When a commercial makes you feel envious, are you more or less likely to desire the product?
Your answer might depend on your level of self-esteem, according to a new study from the UBC Sauder School of Business. The findings suggest that even though envy can be an effective marketing tactic, it can also backfire among people with low self-esteem.
“Marketers often try to take advantage of consumers’ tendency to compare themselves to others. Does their neighbor’s lawn look healthier than theirs? Is their co-worker’s car more luxurious?” said study co-author Darren Dahl, professor of marketing and behavioral science at UBC Sauder. “While this strategy can sometimes work, our findings suggest that when marketers use envy to sell products, they could also end up with a bunch of sour grapes instead of sales, and potentially damage brand relationships.”
In the study, researchers conducted a series of experiments, involving more than 500 people and brands like the NHL and Lululemon, where one participant possessed a product the others desired. Those who reported being confident tended to want the desired brand and remained motivated to get it.
But participants who reported a lower sense of self-worth felt worse about themselves for not having the product and generally felt unworthy of the high-status brand. To avoid a bruised ego, they often rejected the brand altogether.
“If you have low esteem, the tactic of using envy (for) a company doesn’t work really well,” Dahl told the Star Vancouver. “People generally say, ‘Screw it, I don’t want it.’”
Interestingly, the unconfident participants were more likely to favor a desirable brand right after they were given a self-esteem boost.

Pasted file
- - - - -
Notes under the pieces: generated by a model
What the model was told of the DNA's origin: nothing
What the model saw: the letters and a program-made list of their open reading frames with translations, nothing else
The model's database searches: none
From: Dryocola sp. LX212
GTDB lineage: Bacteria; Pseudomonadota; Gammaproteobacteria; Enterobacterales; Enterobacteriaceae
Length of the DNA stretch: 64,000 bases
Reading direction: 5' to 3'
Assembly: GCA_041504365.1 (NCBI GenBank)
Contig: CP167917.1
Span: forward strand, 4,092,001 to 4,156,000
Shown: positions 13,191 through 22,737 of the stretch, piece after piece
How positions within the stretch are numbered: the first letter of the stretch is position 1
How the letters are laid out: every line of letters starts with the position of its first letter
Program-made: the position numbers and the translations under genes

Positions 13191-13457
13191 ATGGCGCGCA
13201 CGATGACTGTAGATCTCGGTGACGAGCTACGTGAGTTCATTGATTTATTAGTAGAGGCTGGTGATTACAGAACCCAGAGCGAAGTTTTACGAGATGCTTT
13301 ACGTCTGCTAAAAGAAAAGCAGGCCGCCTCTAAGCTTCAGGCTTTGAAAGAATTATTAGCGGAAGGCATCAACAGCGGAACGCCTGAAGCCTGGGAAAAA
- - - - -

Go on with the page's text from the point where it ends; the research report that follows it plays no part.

It’s not the first time marketers have shown that brands can suffer when they elicit envy in consumers. In 2013, the American Marketing Association published research showing that people who try to impress others by flaunting a particular brand they really like—remember Ed Hardy t-shirts?—can actually make others dislike the brand, ultimately hurting its reputation.
“Companies need to find a way to control this type of behavior or they risk damaging their brand equity,” co-author Rosellina Ferraro wrote in an article published on the association’s website. “While companies may want to encourage consumers to highlight their brand in a way that others notice, they don’t want it done in a way that’s going to turn off other consumers.”
On the consumer side, Dahl said it’s empowering to understand how marketers play on our psychology.
“Consumers should be aware of their emotions, and how companies are using envy to elicit those emotions. When they have high self-esteem, they’re going to be excited about the product, and when they have low self-esteem, it can turn them off,” he said. “Either way, it’s empowering to know.”
The study, “Can Brands Squeeze Wine from Sour Grapes? The Importance of Self-Esteem in Understanding Envy’s Effects,” was recently published in the Journal of the Association for Consumer Research.